So, if you're a professional guitarist or beatboxer based around London, we'd very much like to hear from you! Feel free to get in touch using the form below, reach out to us on Twitter, or email us. This project is being run by Dr. Saloni Krishnan (@salonikrishnan, s.krishnan@ucl.ac.uk) and Prof. Sophie Scott (@sophiescott, sophie.scott@ucl.ac.uk).

To design this project, we've collaborated with two incredible musicians, Reeps One and Darren LovedayYou can see some of Sophie's previous work with Reeps One here: 

Reeps One x Sophie Scott

If you decide to help us and meet our safety criteria, we'll invite you to come and be scanned at our neuroimaging centre (Birkbeck-UCL Centre for Neuroimaging, 26 Bedford Way, London). The session takes about 2-3 hours. You'd be in the scanner for about an hour, during which time we play you some music and other sounds. We can pay reasonable expenses for your time (and maybe even give you a picture of your brain!). 

people who stammer - we need you!

posted 9 Feb 2015, 01:54 by Sophie Scott

We are recruiting for a study with people who stammer - please see here for more information!

musicians and non musicians and masked speech

posted 23 Jan 2015, 14:59 by Sophie Scott

Download our new JASA paper here. We compared musicians and non musicians on a range of tasks, and unlike some previous work, found no signs of enhanced performance by musicians when listening to speech against other sounds.

turning heads with dogs and humans

posted 15 Dec 2014, 08:14 by Sophie Scott   [ updated 15 Dec 2014, 08:28 ]

some dogs (image from animalia-life.com)

It’s been a great year for neuroscientific investigations of domestic dogs. A study in April compared brain responses in dogs and humansusing fMRI (requiring the dogs to lie still I the scanner, to command). This showed that humans and dogs both activate the superior temporal sulcus when they hear emotional vocalizations from dogs and humans, though both species showed an enhanced neural response to calls from their own species. A study hasjust been published using human speech, showing that dogs will preferentially turn to present their right ear to the sounds if they are presented with speech with emphasized segmental (phoneme) information, and with their left ear if the speech has exaggerated pitch (intonation). This is interpreted as indicating that, as in humans, dogs process speech preferentially with the left side of the brain, and intonation in the left (there's an example here).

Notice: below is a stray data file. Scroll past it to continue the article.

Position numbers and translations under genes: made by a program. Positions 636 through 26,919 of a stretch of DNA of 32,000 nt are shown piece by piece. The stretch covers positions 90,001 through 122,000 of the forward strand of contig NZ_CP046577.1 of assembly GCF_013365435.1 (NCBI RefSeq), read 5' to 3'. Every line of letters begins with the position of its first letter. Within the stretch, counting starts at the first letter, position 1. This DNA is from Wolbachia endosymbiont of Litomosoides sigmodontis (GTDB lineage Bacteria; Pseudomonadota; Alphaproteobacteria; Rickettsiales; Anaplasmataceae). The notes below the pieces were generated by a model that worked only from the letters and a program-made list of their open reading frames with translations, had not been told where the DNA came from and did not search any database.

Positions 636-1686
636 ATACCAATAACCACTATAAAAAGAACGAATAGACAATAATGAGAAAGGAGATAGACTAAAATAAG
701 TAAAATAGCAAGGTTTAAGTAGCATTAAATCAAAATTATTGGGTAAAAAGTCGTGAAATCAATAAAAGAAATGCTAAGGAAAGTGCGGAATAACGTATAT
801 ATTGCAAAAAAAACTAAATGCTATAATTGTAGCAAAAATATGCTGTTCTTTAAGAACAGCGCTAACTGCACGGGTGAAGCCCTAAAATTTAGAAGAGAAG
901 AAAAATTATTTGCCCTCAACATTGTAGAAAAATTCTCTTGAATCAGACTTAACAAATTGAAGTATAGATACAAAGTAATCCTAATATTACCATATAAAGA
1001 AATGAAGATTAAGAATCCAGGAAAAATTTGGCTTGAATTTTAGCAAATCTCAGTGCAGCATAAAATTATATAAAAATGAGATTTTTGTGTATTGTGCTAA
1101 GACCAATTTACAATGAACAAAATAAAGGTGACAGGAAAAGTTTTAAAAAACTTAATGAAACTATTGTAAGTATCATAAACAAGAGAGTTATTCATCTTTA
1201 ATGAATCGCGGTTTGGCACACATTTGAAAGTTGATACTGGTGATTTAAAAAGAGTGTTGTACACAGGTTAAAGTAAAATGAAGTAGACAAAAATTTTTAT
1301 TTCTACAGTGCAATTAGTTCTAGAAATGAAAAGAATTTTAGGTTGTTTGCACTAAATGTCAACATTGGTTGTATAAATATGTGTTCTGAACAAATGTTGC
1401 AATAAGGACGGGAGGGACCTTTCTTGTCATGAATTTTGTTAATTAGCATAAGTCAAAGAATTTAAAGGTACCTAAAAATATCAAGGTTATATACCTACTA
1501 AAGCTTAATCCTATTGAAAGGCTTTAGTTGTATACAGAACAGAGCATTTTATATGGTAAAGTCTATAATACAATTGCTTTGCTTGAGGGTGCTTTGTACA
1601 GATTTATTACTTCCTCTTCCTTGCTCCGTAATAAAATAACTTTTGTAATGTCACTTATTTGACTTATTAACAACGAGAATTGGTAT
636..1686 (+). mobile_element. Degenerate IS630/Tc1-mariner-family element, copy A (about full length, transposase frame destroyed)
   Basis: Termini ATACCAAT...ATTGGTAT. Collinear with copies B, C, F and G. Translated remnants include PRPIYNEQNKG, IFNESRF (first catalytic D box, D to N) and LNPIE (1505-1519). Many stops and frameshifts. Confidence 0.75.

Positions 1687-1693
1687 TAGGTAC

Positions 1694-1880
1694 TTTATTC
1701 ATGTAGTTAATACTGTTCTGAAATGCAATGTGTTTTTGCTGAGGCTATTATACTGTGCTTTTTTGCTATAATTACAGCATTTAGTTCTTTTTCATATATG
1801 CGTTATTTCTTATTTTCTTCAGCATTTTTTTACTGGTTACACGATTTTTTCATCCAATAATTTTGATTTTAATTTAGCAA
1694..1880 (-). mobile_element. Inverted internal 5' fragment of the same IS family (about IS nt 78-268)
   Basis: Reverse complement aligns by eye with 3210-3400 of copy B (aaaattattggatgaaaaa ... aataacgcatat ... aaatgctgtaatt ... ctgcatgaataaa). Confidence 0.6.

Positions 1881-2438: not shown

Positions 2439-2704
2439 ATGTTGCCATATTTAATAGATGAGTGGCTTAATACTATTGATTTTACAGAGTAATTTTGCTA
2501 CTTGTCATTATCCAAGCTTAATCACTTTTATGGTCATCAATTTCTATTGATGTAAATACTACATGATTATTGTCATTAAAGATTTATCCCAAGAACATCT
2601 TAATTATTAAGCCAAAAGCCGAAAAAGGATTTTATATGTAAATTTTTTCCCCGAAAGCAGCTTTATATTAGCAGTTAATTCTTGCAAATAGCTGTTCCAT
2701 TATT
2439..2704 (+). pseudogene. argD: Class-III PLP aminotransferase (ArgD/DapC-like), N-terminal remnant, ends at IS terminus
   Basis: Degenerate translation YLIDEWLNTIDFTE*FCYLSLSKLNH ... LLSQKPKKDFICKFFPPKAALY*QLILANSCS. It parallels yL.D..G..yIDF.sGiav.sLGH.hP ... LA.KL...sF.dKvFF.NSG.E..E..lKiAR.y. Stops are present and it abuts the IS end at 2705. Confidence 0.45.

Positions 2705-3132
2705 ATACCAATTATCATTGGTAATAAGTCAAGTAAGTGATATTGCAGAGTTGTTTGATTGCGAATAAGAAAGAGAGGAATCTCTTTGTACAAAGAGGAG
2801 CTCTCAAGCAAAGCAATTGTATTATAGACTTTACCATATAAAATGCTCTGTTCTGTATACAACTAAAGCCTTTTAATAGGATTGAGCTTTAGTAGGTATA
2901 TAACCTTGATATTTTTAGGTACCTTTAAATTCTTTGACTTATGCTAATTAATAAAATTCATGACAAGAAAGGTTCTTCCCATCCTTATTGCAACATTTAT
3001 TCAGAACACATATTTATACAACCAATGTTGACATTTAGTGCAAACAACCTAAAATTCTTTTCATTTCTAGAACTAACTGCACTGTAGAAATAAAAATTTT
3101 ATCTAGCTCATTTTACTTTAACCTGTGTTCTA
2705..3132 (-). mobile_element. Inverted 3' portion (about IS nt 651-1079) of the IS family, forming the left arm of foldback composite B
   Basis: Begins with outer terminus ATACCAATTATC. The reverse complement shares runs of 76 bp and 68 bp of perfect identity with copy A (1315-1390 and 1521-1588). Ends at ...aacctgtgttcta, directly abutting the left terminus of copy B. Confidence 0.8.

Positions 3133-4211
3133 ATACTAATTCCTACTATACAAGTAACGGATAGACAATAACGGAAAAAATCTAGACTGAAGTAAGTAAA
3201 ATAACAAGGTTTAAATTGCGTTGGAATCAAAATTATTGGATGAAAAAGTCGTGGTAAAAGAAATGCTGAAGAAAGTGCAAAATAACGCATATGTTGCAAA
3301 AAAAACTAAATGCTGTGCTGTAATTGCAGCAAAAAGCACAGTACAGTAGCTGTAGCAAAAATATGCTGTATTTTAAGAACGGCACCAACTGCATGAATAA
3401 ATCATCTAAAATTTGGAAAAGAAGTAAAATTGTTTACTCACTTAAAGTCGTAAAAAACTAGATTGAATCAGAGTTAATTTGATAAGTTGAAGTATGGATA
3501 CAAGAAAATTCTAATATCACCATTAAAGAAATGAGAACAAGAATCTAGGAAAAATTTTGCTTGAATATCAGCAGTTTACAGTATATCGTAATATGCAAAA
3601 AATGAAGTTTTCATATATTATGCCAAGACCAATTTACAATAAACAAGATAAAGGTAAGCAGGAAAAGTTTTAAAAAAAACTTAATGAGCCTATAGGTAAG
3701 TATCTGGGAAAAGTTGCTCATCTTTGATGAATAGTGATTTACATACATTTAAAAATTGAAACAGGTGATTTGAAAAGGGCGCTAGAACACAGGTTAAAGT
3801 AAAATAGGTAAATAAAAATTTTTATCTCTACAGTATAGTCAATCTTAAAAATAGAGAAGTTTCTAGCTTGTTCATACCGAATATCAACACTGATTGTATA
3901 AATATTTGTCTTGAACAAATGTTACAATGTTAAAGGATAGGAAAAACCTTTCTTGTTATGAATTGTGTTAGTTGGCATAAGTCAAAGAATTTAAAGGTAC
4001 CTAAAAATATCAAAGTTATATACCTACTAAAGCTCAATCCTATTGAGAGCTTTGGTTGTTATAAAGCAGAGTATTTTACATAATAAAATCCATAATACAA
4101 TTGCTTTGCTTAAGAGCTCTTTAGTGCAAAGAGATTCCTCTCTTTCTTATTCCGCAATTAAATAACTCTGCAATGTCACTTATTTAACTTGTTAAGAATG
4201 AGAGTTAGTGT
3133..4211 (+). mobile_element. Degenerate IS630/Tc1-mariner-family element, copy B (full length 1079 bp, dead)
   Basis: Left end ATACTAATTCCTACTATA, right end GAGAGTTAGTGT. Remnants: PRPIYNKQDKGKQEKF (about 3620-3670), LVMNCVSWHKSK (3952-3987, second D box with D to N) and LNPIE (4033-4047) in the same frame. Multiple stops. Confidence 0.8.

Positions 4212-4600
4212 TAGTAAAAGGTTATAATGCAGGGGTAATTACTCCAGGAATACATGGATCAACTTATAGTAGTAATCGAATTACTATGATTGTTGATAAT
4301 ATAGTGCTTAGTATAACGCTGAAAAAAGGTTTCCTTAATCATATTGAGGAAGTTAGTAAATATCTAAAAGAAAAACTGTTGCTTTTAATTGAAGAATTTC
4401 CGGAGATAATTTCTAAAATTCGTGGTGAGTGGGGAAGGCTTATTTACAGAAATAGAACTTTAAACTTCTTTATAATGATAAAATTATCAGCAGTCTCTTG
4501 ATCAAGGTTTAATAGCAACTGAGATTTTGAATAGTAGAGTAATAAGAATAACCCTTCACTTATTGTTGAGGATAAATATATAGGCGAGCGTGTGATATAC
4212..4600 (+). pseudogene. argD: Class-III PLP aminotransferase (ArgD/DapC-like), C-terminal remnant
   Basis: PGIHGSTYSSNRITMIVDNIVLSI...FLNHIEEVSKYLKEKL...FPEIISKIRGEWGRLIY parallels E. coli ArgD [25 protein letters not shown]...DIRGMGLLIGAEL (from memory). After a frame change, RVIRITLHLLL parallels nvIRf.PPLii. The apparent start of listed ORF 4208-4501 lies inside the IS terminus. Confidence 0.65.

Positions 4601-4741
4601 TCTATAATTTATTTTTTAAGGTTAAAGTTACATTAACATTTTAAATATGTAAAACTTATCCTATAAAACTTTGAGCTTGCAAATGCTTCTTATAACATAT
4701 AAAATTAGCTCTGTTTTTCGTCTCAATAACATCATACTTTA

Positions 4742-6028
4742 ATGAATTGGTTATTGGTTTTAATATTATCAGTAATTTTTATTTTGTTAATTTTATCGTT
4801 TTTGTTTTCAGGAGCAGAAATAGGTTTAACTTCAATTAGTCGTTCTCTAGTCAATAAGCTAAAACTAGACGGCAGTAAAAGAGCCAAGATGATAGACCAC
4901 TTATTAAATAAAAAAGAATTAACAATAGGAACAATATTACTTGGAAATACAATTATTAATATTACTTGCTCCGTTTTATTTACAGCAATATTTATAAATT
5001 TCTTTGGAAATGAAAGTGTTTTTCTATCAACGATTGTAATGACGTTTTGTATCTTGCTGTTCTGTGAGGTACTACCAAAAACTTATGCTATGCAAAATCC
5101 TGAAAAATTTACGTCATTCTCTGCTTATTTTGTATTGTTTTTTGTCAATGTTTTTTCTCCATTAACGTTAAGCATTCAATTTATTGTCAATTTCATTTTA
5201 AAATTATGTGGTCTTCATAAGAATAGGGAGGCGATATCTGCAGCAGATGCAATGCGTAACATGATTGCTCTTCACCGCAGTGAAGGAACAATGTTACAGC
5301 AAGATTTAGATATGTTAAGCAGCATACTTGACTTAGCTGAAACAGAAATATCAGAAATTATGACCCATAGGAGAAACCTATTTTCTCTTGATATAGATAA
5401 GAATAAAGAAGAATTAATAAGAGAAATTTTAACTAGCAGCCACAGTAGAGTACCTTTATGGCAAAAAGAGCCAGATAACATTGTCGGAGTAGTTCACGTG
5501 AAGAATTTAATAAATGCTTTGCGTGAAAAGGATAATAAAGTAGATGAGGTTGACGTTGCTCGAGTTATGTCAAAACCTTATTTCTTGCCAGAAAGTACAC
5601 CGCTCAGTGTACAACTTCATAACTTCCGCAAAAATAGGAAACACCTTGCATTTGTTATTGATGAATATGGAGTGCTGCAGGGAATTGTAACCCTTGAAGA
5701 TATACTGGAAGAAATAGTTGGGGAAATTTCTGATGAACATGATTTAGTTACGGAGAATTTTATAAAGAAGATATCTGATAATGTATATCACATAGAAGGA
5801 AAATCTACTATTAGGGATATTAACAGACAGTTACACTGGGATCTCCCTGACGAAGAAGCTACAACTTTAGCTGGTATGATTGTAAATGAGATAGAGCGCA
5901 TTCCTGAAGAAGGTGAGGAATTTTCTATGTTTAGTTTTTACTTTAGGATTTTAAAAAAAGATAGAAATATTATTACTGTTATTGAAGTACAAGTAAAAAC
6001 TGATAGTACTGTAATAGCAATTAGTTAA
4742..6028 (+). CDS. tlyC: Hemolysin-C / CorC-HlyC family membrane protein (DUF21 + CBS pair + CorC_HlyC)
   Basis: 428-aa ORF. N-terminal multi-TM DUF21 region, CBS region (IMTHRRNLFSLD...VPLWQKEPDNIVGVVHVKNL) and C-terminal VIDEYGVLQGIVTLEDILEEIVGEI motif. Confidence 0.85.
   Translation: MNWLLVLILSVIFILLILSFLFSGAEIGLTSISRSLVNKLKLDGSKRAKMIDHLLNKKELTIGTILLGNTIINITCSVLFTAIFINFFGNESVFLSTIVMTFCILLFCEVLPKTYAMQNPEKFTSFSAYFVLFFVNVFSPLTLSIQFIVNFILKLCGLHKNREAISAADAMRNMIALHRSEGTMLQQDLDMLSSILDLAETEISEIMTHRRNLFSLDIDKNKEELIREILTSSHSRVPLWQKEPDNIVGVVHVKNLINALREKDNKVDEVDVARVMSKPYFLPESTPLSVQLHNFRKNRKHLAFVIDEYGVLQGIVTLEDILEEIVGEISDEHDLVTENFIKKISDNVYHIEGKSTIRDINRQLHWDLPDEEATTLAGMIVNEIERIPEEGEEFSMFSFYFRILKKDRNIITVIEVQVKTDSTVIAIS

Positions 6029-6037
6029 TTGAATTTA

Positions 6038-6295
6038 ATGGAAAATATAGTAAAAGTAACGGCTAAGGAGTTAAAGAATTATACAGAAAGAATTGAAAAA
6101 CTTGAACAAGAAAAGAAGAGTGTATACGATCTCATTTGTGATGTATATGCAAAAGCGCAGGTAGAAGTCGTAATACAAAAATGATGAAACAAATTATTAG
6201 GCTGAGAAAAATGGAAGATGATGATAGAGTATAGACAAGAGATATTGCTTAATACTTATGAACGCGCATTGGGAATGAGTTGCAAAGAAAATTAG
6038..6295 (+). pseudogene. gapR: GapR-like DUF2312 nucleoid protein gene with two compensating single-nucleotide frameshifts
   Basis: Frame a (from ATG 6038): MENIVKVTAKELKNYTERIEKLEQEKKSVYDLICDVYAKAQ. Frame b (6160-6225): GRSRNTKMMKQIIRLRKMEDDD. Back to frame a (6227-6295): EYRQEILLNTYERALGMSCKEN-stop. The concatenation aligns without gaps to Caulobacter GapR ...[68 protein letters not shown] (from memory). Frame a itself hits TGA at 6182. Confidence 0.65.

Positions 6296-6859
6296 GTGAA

This kind of study – looking at head turning preferences as an index of hemispheric lateralization – is made possible because of the ways that nervous systems decussate – cross from one side of the body to the other.  For example, when I look at the world, the information from the left hand side of both of my eyes (the left visual field) is all sent to the right side of the brain, and vice versa. Likewise in motor control, the left side of my brain controls my right hand and vice versa. Unlike the visual system, the incoming information from the auditory system does not completely decussate, but there is enough dominance of this left to right and right to left pathways that it can be used to find hemispheric asymmetries. Humans are better at listening to speech if it is presented to the right ear, for example, indicating that (for the majority of people) the speech is preferentially processed in the left side of the brain, a finding that is consistent with what we know from patient studies, functional imaging, and studies of which ear people like to hold a phone to. Head turning paradigms are exploiting the same relationship – the idea is that the participant will turn the preferred ear to the sound. So turning the right ear to speech indicates that there is preferential processing of speech in the left hemisphere.

The head turning paradigm is useful as it lets us look at lateralization in animals –such as dogs – whom we can’t ask to make overt responses (e.g. an test for an ear advantage), and this has formed an important tool in studies ofnon human hemispheric specializations.

It’s always good to test the extent that we can assume paradigms are testing what we think they are testing, and a study a few years ago investigated head turning preferences in humans. Their logic was that this is often used as a way of inferring hemispheric asymmetries, and given we know that humans do have lateralized brain responses, do they show a head turning preference? They went out and tested over two hundred German participants with both speech and non speech sounds, and they found that there was no evidence for a right ear dominance when people turned to listen to speech sounds. Indeed, there was a significant tendency to turn the left ear to all the sounds, suggesting that there is a right hemisphere dominance for listening to sounds, generally. Notably, another study in which people (I'm paraphrasing) went round noisy night clubs and muttered at people reported that participants most frequently presented their right ears in an attend to clarify what was being said. But this is not exactly the same as the straightforward head turn paradigm.

This doesn’t mean that the recent dog study isn’t revealing a truly lateralized response – but it does mean that we need to bear in mind that head turn preferences can reflect something more complex. 

What makes YOU laugh?

posted 11 Jul 2014, 07:31 by Dana Boebinger   [ updated 11 Jul 2014, 07:51 ]

We have had three wonderful work experience students in our lab for the past two weeks, and they've written a great piece on the work they've been doing for some of our laughter research:

Figure 1- Participants’ answers to the question ‘what makes you laugh?’ The bigger the word, the  more frequently mentioned it was.